In Wonderstruck, Selznick wanted to take this narrative experiment a step further. "I had this idea to try to tell two different stories," he says. "What if I told one story just with pictures, and then told a completely different story that was set 50 years later with words? And then had these two separate stories weave back and forth until they came together at the end?"
Wonderstruck is the story of Rose and Ben, a young boy and girl who live years and worlds apart. By the end of the book, the reader learns they have a special connection. But from early on, they have one thing in common: She is deaf, and he loses his hearing when he is struck by lightning.
Selznick says the idea for the book began forming when he saw a documentary about deafness and deaf culture. One of the deaf educators emphasized how hyper-attuned deaf people are to the visual world. So Selznick set out to tell the story of a deaf character in pictures. "We experience [Rose's] story in a way that perhaps might echo the way she experiences her own life," he explains.
Hugo and Isabelle look out over Paris from behind a clock face in Selznick's The Invention of Hugo Cabret.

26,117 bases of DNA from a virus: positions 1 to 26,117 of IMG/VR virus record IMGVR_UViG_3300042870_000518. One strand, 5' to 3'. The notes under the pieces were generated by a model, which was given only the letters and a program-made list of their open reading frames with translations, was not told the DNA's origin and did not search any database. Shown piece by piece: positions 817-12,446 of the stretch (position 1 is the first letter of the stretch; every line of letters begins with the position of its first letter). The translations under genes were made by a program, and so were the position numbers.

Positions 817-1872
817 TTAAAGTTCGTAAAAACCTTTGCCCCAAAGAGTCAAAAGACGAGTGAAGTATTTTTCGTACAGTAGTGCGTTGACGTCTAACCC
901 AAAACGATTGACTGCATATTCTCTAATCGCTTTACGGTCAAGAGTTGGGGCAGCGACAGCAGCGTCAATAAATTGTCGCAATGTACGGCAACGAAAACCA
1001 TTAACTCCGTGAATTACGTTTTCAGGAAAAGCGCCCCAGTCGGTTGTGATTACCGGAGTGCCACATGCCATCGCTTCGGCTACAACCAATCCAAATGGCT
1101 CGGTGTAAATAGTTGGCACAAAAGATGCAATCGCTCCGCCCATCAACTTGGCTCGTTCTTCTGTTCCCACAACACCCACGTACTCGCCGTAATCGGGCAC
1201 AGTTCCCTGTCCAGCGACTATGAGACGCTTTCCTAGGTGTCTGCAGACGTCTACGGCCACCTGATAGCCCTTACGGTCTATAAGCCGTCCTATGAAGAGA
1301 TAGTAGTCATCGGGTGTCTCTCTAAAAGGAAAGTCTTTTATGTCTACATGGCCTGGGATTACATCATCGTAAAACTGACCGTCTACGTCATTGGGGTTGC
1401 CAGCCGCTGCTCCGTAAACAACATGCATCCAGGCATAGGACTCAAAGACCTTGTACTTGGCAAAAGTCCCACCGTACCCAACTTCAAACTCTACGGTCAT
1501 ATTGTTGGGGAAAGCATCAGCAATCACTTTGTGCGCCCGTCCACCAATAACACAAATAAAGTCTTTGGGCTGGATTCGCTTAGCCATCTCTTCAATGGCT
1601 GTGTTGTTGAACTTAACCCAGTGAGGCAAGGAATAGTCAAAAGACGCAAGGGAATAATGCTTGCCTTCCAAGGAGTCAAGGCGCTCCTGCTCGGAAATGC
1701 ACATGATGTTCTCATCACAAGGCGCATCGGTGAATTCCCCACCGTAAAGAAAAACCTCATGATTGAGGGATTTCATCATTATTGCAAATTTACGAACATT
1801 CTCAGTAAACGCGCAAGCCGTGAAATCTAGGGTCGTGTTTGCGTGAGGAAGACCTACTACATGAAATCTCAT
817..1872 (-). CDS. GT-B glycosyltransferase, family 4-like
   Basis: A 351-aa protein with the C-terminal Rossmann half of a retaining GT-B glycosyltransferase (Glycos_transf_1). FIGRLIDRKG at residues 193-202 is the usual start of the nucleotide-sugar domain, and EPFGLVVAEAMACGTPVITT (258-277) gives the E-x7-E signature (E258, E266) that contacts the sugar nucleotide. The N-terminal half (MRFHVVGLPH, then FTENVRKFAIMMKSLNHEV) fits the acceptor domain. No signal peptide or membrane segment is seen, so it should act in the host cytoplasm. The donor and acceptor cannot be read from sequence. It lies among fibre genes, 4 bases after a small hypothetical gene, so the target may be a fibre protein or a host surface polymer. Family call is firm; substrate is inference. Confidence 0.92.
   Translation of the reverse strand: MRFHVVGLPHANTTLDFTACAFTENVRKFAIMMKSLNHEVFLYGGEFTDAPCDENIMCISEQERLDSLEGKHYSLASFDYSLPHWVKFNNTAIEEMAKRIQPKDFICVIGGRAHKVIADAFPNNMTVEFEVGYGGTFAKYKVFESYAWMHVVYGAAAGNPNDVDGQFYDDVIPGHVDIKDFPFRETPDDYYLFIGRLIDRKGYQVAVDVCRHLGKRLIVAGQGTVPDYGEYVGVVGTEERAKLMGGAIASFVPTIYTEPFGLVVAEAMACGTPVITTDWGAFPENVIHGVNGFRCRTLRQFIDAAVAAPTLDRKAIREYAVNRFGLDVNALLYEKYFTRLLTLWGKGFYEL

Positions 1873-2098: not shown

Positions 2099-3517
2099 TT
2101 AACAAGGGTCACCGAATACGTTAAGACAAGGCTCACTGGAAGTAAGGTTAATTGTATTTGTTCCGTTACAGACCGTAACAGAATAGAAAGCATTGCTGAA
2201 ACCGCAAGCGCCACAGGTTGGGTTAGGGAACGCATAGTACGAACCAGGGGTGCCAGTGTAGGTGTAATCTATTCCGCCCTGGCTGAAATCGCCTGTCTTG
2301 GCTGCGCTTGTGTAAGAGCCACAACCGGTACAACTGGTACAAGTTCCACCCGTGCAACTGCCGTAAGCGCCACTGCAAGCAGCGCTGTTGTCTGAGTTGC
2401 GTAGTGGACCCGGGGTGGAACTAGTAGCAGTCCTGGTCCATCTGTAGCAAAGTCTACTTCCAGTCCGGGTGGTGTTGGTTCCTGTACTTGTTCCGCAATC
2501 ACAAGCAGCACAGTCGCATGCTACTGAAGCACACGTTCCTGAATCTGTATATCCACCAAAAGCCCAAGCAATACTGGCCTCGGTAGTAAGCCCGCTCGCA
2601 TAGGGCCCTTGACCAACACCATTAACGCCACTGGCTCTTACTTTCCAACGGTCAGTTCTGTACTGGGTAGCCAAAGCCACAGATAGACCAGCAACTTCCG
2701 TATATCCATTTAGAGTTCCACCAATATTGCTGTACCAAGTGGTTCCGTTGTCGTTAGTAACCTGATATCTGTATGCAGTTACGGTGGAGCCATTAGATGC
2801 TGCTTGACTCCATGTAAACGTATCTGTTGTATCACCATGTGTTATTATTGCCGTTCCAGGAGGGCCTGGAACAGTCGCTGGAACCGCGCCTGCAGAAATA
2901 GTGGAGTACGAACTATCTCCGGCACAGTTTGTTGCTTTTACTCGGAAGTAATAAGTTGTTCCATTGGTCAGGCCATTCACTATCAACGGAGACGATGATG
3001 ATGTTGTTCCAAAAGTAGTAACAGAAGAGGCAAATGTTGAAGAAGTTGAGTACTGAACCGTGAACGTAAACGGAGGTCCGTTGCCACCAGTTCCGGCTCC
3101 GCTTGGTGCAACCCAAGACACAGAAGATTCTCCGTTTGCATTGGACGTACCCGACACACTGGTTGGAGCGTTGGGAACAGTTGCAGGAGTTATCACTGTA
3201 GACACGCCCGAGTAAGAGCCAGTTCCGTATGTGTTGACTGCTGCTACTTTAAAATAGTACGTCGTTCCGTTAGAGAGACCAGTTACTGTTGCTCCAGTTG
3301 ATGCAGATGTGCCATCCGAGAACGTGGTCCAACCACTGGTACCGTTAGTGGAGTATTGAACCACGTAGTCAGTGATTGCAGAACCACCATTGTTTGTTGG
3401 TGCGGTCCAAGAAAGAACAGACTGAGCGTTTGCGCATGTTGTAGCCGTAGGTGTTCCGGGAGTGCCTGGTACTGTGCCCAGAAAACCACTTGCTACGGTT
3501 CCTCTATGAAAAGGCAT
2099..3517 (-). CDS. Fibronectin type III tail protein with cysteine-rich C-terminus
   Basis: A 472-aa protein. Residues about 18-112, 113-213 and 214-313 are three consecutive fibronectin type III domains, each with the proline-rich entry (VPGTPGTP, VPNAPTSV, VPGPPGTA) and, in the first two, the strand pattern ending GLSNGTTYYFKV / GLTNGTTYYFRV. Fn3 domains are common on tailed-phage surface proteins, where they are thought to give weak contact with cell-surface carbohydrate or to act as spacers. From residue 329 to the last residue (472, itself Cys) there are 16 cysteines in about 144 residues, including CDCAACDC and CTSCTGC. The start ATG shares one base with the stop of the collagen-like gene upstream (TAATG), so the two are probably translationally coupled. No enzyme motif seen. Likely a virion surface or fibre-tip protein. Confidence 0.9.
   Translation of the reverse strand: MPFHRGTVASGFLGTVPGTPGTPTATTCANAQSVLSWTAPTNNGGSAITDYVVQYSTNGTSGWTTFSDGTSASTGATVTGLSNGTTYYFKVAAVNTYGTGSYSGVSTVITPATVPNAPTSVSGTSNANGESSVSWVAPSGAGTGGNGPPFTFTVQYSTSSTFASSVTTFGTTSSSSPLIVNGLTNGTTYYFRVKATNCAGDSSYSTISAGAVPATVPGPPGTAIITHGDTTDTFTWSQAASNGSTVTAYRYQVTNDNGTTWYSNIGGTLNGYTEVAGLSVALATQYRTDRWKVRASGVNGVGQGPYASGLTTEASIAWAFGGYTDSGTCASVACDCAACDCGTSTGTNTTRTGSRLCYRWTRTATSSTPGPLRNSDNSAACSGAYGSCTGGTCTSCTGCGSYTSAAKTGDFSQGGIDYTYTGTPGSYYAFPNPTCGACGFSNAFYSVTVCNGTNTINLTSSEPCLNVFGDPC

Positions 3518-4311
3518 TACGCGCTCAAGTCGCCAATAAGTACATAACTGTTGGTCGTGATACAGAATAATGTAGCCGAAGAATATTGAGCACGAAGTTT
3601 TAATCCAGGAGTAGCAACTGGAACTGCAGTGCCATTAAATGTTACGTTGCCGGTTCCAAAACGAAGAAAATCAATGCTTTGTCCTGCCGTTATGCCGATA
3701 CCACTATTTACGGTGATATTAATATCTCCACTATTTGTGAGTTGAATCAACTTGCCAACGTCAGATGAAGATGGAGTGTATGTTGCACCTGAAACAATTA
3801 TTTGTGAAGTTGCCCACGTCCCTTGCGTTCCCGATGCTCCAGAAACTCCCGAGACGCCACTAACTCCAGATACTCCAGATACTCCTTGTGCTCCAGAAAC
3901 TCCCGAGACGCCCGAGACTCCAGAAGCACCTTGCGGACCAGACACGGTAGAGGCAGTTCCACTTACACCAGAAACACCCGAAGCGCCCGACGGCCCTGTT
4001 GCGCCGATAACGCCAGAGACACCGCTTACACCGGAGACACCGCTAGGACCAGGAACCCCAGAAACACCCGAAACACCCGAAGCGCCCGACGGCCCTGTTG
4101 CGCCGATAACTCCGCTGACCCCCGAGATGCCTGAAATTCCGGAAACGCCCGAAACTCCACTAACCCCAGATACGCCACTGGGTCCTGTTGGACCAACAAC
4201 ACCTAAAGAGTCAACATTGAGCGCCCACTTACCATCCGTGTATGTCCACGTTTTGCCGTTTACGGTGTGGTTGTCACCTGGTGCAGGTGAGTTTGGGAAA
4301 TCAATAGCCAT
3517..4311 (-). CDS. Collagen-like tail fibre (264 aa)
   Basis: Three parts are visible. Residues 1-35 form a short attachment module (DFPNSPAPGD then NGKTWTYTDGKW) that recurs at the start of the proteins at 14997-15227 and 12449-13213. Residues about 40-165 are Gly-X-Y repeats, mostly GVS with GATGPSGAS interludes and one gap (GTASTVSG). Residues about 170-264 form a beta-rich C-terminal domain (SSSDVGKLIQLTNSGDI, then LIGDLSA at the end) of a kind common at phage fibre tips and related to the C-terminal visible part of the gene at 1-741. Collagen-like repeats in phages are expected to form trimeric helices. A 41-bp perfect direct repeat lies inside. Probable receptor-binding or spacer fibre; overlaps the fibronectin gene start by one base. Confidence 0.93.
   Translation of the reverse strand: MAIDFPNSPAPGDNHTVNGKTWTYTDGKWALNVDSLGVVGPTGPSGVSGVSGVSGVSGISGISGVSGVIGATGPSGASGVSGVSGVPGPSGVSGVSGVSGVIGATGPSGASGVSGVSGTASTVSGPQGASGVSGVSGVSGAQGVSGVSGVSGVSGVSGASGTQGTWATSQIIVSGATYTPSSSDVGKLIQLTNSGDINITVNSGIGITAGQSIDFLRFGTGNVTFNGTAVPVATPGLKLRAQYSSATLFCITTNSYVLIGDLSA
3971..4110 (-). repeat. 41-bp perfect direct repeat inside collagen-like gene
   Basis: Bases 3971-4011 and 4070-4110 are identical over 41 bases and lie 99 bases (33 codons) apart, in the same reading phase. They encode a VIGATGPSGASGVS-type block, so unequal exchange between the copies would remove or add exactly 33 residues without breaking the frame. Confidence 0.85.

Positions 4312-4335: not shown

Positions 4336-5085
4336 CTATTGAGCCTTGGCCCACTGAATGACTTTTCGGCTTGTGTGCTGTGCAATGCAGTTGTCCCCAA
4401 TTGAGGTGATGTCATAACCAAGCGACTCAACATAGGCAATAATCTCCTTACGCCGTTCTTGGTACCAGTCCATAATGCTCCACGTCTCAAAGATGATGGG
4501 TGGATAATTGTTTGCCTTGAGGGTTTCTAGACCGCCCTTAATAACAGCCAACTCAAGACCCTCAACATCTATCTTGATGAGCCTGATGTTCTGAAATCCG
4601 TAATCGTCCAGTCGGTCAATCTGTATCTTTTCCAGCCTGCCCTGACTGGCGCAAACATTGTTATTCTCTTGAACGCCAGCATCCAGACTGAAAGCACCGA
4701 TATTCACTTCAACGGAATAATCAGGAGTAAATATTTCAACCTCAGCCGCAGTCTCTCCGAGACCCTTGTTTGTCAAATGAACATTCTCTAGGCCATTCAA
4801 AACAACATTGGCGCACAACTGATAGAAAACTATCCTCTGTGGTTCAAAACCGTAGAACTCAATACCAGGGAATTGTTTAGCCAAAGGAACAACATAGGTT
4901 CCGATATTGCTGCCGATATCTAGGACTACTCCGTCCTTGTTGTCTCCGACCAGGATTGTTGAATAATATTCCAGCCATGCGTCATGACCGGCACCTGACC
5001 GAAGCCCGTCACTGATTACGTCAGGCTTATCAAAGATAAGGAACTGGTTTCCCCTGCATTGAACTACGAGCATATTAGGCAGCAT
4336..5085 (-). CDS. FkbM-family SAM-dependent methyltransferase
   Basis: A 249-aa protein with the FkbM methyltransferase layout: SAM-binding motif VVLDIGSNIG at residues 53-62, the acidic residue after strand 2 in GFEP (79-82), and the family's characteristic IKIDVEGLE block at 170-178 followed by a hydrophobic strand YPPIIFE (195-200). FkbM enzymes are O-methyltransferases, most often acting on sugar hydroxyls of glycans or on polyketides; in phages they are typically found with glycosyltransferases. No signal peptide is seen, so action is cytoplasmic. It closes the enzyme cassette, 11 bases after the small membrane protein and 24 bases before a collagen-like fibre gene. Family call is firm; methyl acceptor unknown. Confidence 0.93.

EnlargeBrian Selznick
Hugo and Isabelle look out over Paris from behind a clock face in Selznick's The Invention of Hugo Cabret.
Rose's story, told almost entirely through Selznick's compelling black-and-white illustrations, alternates with Ben's story, which unfolds in written form. At first, the reader is not sure how the two stories relate, but here and there, the characters' worlds collide. Both get caught in a storm, both go in search of their parents, both find refuge in New York's Museum of Natural History (one of Selznick's favorite destinations when he was a kid growing up in New Jersey). When Ben and Rose finally do meet, Selznick says, the book becomes all about how we communicate with each other.
"At the end of the story, we have scenes where there's a deaf character who signs, a hearing character who signs, and a deaf character who doesn't sign — and they all have to have a conversation," Selznick says. "And so who speaks, who writes, who can sign ... it all becomes mixed up until they can figure out a way to communicate."
"It's sort of like going through a treasure map backwards in a certain way, where I know what I want it to be, but I don't know how to get there," he says. "It does end up feeling like I have been on this really exciting journey that I ultimately hope that the reader will be excited to be on, too."Creating these books is a complicated process, Selznick says, and he is always a little surprised in the end when everything comes together. When he's in the middle of it, it's a little like looking for buried treasure.